“Yes. My treatment has been delayed for the past month because I have elevated liver enzymes.” He nodded, showing that he knows this is a pretty common side effect of immunotherapy. “But I haven’t felt a thing,” I said. “So far, the liver inflammation has been a-symptomatic. I’ll take immunotherapy any day over chemo.”
To try and get the liver enzymes low enough to keep giving me immunotherapy, my oncologist prescribed a high dose of Prednisone, a form of steroid. The day before the Closer to Free ride, the liver enzymes went up, and my oncologist called to tell me to increase the Prednisone dose. “Now Ashley,” he joked, knowing I was doing the ride the next day, “this is not like Lance Armstrong.”
The hardest part of the 25-mile course came after the Sleeping Giant rest stop. “Look two feet ahead of you, and see that road go flat,” one of the Closer to Free ride marshals yelled out, encouraging us up one of the steepest hills. “Remember who you’re doing this for!”
I remembered the woman standing outside Smilow at 7am with other patients and nurses to cheer us on. She was in a hospital gown, holding on to a walker and a sign that says “Thank you Riders.” When I saw her hand waving strong with life force, as we were riding by, I started to cry. “Thank you!” I yelled.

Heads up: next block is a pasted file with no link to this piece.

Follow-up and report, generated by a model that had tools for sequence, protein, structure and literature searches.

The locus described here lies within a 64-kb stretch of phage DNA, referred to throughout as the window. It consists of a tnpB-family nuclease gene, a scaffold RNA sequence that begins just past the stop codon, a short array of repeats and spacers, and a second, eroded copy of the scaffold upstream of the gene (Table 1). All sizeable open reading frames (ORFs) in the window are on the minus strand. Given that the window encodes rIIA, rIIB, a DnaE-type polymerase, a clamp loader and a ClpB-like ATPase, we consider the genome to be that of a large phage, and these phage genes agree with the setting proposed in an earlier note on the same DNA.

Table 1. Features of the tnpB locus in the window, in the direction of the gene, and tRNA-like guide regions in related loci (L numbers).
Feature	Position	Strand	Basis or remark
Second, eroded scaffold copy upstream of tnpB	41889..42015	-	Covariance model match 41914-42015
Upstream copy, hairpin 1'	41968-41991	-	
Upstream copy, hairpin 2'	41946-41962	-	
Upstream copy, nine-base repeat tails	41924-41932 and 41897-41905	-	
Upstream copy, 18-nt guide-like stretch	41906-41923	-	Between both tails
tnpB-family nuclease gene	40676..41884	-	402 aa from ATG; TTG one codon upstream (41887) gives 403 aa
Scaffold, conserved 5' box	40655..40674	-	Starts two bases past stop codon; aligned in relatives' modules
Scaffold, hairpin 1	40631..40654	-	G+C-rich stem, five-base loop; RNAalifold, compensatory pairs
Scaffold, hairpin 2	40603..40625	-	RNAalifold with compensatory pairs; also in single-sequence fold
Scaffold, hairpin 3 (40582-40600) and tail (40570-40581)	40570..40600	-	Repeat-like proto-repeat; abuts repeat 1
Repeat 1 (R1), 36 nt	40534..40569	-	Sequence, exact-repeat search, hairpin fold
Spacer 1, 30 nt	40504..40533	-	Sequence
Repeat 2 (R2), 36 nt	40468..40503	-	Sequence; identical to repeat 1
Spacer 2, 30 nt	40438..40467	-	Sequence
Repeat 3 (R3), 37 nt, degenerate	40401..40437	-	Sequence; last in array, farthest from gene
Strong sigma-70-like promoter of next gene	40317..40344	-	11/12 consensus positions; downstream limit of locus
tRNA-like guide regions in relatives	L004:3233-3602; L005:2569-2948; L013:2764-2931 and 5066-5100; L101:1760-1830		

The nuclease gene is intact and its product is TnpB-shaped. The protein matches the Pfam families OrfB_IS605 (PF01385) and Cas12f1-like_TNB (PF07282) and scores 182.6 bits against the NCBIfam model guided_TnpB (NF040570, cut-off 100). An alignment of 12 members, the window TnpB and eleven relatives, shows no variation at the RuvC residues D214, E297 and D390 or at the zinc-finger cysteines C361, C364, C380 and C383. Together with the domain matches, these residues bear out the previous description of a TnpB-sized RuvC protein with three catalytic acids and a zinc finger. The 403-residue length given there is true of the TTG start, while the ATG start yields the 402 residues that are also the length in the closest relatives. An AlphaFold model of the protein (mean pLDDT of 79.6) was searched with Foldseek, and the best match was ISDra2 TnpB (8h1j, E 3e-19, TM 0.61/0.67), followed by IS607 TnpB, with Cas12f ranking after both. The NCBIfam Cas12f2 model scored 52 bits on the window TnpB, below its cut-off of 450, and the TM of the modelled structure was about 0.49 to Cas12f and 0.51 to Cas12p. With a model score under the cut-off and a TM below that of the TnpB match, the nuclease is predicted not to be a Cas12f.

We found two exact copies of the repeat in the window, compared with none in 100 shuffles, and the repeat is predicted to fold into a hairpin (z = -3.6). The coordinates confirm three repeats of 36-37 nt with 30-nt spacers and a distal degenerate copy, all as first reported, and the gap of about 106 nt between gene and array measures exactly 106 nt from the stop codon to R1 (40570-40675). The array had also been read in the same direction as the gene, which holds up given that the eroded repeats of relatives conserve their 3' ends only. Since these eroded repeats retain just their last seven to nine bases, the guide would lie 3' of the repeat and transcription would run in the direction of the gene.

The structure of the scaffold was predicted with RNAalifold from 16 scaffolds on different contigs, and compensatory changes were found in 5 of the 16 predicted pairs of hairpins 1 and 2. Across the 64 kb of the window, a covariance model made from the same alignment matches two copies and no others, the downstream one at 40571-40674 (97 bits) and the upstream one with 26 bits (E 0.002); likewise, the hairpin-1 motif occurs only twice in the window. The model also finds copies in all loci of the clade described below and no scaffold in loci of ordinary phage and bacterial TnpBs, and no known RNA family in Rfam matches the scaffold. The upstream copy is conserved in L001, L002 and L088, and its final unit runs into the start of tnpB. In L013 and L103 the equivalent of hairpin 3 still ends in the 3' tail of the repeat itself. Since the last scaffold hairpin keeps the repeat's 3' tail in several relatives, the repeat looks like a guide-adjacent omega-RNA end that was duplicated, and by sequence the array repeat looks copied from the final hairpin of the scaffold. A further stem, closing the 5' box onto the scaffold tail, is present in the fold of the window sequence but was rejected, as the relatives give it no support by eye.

Back at the finish line, I saw my first oncologist, a young hot-shot who’d trained at Sloan Kettering, wearing a team jersey with a blue Y for Yale on the front. Beyonce’s “Survivor” came on the loudspeakers as the next wave of riders came in, and I felt kind of like I was running into an ex I’m glad I broke up with. That doctor treated me more like a prognosis than a person. I remembered the blunt way he broke the bad news on our first consultation: Your cancer is not curable. You’ll probably be on chemo for the rest of your life. The purpose of the treatment is to keep you alive as long as we can. I bet he didn’t think I’d be alive almost three years later, much less well enough to ride “Closer to Free.” I didn’t go over to say “hi.” I cheered on the riders crossing the finish line, to the tune of “Survivor.” I let Beyonce sing my good riddance to my ex doctor. (But I’m not so gracious, in this case, as the lyrics suggest: I may hate on him in the magazines. I’m compromising my Christianity: Here I am, dissing him on the internet.)